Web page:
As today marks what would have been 43-time PBA Tour champion Earl Anthony's 82nd birthday and you're probably spending yet another day at home as the world waits out the COVID-19 pandemic, we've got the perfect prescriptions for your cabin fever: Our in-depth interview with Anthony's biographer, Barry Sparks, and his new biography of Anthony, "Earl: The Greatest Bowler of All Time," is available at EarlAnthonyBook.com.
Here is our conversation with Sparks. When you're done, why not pick up a copy of the book? It offers an incredibly well-researched look at the career of one of the sport's greatest champions, based on interviews with more than 100 people--including 23 PBA Hall of Famers.
Congratulations on the publication of this book and on the quality of the project. It is an outstanding achievement.
I appreciate that and I agree that Luby Publishing did a great job with the book. It looks fantastic, the photos are great, and it's something that I'm proud of and I'm pretty sure [Luby Publishing President] Keith Hamilton is proud of. That's great.
What interested you in writing Earl Anthony's biography?
One day, I was making a list of some book ideas, and I realized there was no biography of Earl, and I thought, 'Boy, how strange, and what an injustice.' You could name any sport and ask anyone who are the greatest athletes in that sport, and there would be a biography of each one of the people they name, and there would probably be at least two or three biographies of at least one of them. But, in bowling, that wasn't true. Earl Anthony, there was no biography whatsoever, and really there's been no biography of a PBA bowler. Carmen Salvino worked with a guy from the Wall Street Journal to do a book on bowling that was a little bit on Carmen, a little bit instruction, but it wasn't strictly a biography. So I thought, 'Hey, that's something that I think I can rectify.'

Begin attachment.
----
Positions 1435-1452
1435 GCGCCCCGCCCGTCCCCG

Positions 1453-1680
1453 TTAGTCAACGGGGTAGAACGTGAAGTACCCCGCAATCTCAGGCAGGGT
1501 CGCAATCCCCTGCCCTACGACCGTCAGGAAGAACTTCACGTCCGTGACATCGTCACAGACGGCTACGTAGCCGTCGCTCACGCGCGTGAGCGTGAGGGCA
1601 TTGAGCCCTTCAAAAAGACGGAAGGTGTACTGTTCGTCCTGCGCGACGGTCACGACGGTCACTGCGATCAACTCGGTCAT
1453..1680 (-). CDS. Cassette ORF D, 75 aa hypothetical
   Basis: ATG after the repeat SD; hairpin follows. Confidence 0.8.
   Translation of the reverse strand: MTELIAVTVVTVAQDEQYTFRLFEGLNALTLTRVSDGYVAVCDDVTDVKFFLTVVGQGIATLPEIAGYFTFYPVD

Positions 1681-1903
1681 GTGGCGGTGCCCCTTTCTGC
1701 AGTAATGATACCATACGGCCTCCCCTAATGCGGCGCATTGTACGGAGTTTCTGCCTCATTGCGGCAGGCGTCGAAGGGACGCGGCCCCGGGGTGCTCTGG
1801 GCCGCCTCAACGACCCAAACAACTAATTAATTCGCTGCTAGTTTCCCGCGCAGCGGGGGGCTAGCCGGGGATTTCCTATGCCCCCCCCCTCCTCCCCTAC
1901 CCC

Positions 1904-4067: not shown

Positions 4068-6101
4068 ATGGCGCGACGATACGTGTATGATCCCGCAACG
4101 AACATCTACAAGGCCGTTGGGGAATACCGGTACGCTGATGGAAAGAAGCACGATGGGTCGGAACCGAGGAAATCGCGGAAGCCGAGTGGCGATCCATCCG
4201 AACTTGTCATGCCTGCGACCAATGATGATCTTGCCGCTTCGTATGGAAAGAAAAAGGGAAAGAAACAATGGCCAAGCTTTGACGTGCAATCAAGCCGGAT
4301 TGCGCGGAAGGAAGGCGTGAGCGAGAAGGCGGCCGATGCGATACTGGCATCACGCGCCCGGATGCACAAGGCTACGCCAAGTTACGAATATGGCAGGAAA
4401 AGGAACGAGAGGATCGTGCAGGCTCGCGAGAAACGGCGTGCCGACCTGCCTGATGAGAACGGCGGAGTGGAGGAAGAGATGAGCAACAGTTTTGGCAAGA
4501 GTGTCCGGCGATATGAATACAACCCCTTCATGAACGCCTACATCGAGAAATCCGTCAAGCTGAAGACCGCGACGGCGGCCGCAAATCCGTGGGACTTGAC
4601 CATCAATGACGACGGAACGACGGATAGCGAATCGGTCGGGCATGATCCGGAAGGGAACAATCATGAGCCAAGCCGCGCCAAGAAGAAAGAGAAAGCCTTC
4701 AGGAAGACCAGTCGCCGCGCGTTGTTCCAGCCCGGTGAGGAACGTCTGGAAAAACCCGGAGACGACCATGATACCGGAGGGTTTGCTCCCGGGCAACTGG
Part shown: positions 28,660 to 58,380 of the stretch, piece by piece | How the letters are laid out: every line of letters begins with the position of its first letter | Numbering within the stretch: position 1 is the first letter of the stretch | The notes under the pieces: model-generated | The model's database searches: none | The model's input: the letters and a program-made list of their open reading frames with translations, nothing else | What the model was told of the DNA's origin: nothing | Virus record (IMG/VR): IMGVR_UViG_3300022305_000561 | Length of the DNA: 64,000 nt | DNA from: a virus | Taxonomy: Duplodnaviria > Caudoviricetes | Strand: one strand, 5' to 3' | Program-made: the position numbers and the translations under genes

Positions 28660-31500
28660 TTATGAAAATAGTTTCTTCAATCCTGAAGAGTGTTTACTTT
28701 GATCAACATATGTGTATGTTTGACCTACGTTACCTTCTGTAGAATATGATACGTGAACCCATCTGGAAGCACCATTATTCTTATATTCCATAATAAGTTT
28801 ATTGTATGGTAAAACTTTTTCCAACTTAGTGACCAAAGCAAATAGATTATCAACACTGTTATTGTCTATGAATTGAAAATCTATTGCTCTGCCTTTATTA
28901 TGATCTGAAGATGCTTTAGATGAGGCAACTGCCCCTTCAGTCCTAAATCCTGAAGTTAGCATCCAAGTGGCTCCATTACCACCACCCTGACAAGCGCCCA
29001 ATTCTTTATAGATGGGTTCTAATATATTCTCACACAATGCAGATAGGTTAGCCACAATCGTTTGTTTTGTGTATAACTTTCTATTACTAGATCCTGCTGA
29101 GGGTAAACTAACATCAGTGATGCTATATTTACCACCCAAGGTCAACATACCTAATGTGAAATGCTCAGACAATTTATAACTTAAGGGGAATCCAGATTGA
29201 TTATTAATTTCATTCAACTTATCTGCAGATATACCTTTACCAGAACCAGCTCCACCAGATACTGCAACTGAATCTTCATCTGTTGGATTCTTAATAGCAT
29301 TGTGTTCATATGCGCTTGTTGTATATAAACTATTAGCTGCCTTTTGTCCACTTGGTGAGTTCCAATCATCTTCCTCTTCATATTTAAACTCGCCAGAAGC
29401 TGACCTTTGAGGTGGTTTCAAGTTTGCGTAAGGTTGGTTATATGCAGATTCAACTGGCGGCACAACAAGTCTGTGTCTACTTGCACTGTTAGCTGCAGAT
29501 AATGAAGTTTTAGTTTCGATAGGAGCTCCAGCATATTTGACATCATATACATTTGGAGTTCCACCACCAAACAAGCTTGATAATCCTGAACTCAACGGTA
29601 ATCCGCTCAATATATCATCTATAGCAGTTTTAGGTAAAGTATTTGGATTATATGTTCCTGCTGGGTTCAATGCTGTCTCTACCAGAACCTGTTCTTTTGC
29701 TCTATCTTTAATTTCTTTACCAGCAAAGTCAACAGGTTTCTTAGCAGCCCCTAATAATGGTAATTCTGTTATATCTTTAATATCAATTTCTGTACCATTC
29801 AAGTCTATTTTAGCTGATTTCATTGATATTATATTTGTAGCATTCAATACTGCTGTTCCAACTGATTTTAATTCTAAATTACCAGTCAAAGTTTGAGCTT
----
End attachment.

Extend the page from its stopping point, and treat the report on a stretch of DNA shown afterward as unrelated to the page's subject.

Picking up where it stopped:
You spoke with 110 sources, including 23 PBA Hall of Famers. What did you learn about Earl that you didn't already know?
I knew a little bit about Earl when I started writing this book. I knew who he was, what his record was, things like that. But there was a lot I didn't know. I didn't realize that Earl had a heart attack at age 40, and that he won three Player of the Year awards before he had the heart attack and then he came back and won three more. It was just amazing that any athlete in any sport would suffer a heart attack and come back not only to a competitive level but come back to be named Player of the Year. Eddie Elias, the founder of the PBA, said Earl's story was one of the greatest comeback stories in sports. I couldn't agree more, but it wasn't that well-publicized in the general media.